Liver resections are more and more performed worldwide. While mortality for hepatic surgery is decreasing over the time, morbidity is still high and mostly affected by bile leak which remain the Achilles’ heel of this type of surgery. Indeed, still 3% to 33% of patients present bile leak in the post-operative period (1).
Bile leakage is a really serious complication leading to intrabdominal collections, sepsis, immunity dysregulation and liver function impairment. Nevertheless, it greatly affects quality of life, prolongs hospital stay and inevitably increases health costs (1,2).
The extend and type of liver resection are both related to an increased risk of bile leak. Moreover, bile ducts resection and bilioenteric anastomoses are evenly related to the occurrence of this complication. Conversely, methods of liver transection do not seem to significantly impact the incidence of postoperative biliary leaks (1,3).
In order to prevent bile leak, the meticulous control of the cut surface of the liver has been advocated. The intraoperative identification and ligation of any leaking bile duct is mandatory to limit postoperative complications’ occurrence. The intra-operative trans cystic injection of so-called revealing solution is the preferred method to identify bile leak (1,3,4).
As far, several intraoperative tests have been employed. Saline, methylene bleu, fat emulsion and indocyanine green (ICG) have been used.
Colored solutions as methylene bleu are apparently more sensitive than saline in detecting leaking ducts but they are limited by the non-repeatability of the test.
Fat emulsion, also called the white dye, showed a slightly higher identification rate of bile leak over saline; however, improvements on bile leak prevention are still poor, presumably due to its viscosity (5).
As published already 8 years ago by Sakaguchi et al. (6) and then by Kaibori et al. (7), indeed, direct fluorescent cholangiography showed high detection rate for small bile leaks and low postoperative complications rate. Besides, these results were obtained using the “old technology” in fluorescent imaging.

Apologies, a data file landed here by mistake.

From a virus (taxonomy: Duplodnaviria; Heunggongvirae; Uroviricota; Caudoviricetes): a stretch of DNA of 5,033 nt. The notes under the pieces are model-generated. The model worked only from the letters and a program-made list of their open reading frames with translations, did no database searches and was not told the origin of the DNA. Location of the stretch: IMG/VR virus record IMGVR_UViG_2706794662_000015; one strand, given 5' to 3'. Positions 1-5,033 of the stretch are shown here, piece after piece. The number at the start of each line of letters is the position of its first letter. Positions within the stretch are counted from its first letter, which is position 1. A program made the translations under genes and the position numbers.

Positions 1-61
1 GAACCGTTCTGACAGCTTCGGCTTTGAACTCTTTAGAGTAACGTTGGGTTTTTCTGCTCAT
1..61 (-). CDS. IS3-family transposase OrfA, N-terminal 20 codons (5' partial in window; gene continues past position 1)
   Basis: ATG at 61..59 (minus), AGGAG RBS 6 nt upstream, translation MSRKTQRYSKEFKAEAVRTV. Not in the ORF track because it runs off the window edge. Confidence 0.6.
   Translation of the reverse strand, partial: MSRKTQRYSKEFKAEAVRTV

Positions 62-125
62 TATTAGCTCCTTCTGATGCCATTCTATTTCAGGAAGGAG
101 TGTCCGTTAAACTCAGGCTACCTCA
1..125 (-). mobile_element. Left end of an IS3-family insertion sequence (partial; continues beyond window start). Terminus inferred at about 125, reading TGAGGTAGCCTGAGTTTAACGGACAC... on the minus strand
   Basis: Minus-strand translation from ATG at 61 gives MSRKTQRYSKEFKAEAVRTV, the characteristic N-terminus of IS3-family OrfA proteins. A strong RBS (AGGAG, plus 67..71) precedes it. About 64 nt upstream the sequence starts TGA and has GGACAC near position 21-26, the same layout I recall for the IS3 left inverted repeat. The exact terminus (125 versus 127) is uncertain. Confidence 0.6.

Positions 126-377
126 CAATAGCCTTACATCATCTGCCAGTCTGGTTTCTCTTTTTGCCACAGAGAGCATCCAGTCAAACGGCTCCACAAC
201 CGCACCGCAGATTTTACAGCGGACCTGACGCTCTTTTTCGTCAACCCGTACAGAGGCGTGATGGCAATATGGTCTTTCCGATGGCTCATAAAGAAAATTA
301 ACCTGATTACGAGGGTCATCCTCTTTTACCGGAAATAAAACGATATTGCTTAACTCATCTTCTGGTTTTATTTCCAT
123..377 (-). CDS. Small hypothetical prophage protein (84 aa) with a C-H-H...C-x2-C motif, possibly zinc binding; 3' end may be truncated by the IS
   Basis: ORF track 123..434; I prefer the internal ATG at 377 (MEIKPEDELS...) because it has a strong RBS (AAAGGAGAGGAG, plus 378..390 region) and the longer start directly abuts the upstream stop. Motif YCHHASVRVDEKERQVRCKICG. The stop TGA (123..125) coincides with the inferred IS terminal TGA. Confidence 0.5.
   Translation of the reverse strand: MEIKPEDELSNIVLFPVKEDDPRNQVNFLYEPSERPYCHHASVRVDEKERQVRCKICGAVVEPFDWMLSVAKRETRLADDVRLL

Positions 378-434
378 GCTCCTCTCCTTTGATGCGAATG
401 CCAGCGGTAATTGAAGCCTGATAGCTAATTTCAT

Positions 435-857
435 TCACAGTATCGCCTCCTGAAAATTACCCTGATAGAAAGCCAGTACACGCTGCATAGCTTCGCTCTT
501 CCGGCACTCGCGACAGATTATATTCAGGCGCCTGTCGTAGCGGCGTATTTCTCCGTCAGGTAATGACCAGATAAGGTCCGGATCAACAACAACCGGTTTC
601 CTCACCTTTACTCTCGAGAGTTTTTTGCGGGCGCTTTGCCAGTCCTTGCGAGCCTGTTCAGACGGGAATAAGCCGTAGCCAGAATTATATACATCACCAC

The ICG dye (0.05 mg/Kg ICG-Pulsion®, Munich, Germany) was injected through a trans-cystic catheter in the biliary tree, the common bile duct was then clamped distal to the catheter and near-infra-red (NIR) fluorescent imaging was performed (using Olympus® technology, Tokyo, Japan).
As known, the fluorescent cholangiography bears powerful enhancement of tissues contrast, offering an augmented visualization of the biliary structures. It allows the fine detection of small leaking ducts, being able to assess the entire cut surface of the liver for 5 mm in depth. Furthermore, the ICG fluorescence, showing all the superficial bile ducts (<5 mm) on the cut surface of the liver (Figure 1), focus the attention of the surgeon on potential points of bile leak.
This intrabiliary injection of ICG is clearly advantageous over the intravenous one, mainly performed, for several reasons: first for time coordination (injection/NIR imaging almost directly), simplicity, rapidity and for the repeatability of the test. Moreover, the absence of ICG dye imbuing the liver parenchyma leads to high-contrast visualization and allergic reaction, already rare, are even less probable.